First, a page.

Once you have selected your keywords, ask yourself:
Creating Your Ad
You have limited space for your PPC ads to entice potential customers to click. Google allows 25 characters for headline and two 35-characters lines for description.
It is a good practice to write two ads to test your copy as you start your campaign. After getting adequate clicks, you can pause the underperforming ad at any time you decide.
Here are some rules to keep in mind whenever writing ads:
Always make sure to test your headlines because it is the most important element of your ad. Then test the description. Keep testing until you’re satisfied with your CTR and conversion.
Remember that a wining headline grabs the attention of your target audience. About 80 percent of people will only read the headline and only 20 percent read the whole ads. Try to use emotional language in your headline and speak directly and clearly to your target market. Let them know that you have the real solution to their problem.
Your ad copy is also critical in order to trigger clicks and conversions. It must show value, honesty, credibility, and must stand out. It must speak directly to your audience and include a compelling reason for them to act.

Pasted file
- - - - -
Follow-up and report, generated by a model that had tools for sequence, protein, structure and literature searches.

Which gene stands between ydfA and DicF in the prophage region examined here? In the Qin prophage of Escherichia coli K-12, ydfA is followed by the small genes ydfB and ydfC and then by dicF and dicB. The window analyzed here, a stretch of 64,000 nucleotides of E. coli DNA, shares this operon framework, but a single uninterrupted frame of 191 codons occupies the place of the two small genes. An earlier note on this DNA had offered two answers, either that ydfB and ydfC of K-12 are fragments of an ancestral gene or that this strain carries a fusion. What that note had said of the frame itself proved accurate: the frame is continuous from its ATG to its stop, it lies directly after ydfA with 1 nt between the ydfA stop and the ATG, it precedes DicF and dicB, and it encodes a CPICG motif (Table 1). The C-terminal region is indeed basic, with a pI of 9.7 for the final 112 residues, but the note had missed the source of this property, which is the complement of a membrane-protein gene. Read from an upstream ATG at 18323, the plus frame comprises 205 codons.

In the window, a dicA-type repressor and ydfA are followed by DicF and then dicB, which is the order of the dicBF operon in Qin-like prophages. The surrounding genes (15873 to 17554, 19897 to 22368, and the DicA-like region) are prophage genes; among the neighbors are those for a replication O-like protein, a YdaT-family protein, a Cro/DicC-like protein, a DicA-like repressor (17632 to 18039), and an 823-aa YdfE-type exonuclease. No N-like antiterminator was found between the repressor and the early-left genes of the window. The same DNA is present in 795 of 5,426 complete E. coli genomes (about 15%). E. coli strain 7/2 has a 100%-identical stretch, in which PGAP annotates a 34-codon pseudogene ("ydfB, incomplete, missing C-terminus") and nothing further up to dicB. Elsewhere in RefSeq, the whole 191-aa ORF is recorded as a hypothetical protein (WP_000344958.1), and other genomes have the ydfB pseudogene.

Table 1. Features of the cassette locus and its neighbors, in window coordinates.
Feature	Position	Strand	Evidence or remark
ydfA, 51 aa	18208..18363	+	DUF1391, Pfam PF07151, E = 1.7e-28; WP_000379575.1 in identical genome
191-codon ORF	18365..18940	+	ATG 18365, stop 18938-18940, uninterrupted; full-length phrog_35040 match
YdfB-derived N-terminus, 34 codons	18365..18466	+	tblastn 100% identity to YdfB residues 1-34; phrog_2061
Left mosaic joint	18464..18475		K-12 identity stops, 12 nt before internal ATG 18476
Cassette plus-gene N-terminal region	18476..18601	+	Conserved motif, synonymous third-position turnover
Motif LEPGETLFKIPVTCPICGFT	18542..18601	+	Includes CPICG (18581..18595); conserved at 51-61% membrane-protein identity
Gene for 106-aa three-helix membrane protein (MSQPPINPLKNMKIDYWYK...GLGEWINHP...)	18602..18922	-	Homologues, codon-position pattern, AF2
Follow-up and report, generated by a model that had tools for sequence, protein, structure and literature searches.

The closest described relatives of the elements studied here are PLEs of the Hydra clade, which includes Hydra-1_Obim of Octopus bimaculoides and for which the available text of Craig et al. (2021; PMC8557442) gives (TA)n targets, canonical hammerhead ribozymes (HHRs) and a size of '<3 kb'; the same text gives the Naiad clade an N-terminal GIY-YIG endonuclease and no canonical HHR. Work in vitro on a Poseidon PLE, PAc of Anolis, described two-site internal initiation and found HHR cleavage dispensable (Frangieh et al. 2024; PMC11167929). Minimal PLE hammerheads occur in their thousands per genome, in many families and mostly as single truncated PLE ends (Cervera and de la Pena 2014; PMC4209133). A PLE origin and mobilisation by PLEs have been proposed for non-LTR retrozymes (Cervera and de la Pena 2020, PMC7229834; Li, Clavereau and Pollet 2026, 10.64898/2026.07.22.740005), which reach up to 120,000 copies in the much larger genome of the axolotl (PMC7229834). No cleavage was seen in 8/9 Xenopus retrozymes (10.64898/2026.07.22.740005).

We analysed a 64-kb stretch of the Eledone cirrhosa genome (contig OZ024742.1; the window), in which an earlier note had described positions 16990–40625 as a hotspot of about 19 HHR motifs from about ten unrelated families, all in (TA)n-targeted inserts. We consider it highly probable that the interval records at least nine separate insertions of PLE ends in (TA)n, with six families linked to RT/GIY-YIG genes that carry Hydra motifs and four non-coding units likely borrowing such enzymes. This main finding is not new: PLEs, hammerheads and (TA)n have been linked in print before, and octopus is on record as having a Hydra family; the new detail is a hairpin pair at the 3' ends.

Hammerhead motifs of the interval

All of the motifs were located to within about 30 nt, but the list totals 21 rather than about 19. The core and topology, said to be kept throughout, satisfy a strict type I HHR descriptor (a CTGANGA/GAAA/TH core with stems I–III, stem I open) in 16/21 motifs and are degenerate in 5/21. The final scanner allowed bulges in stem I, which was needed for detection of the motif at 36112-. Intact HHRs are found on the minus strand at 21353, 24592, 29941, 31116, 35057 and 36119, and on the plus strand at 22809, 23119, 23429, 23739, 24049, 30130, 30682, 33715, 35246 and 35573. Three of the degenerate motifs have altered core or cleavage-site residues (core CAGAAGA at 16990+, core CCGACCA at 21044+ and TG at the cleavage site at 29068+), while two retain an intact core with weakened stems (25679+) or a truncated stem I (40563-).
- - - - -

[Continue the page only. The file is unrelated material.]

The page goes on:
Creating a PPC ad
You should now be in a position to actually create your ad using Google AdWords.
1. Sign in to your Google AdWords account and click Create Your First Campaign.
2. Fill in the following information:
3. You next step is to select your keywords, ad groups, and create the ad. It is a good idea to start with two ads to perform A/B split tests to determine the better ad, and pause the underperforming one after you have adequate number of clicks.
4. Google AdWords has a preview screen on the right side so you can see what your ad looks like. If you’re happy with your ad, click Save and Continue, then enter your billing information.
You can easily adjust your ad, so it’s important to monitor the results in order to optimize your ads.
By Stanford – 2019 – Update 2020
Copyright © 2019-2020 Allied Publishing
For additional articles written by John Stanford, see
alliedpublishing.com/ppc. John Stanford is the author of Ultimate Guide to Profitable Pay-Per-Click Advertising.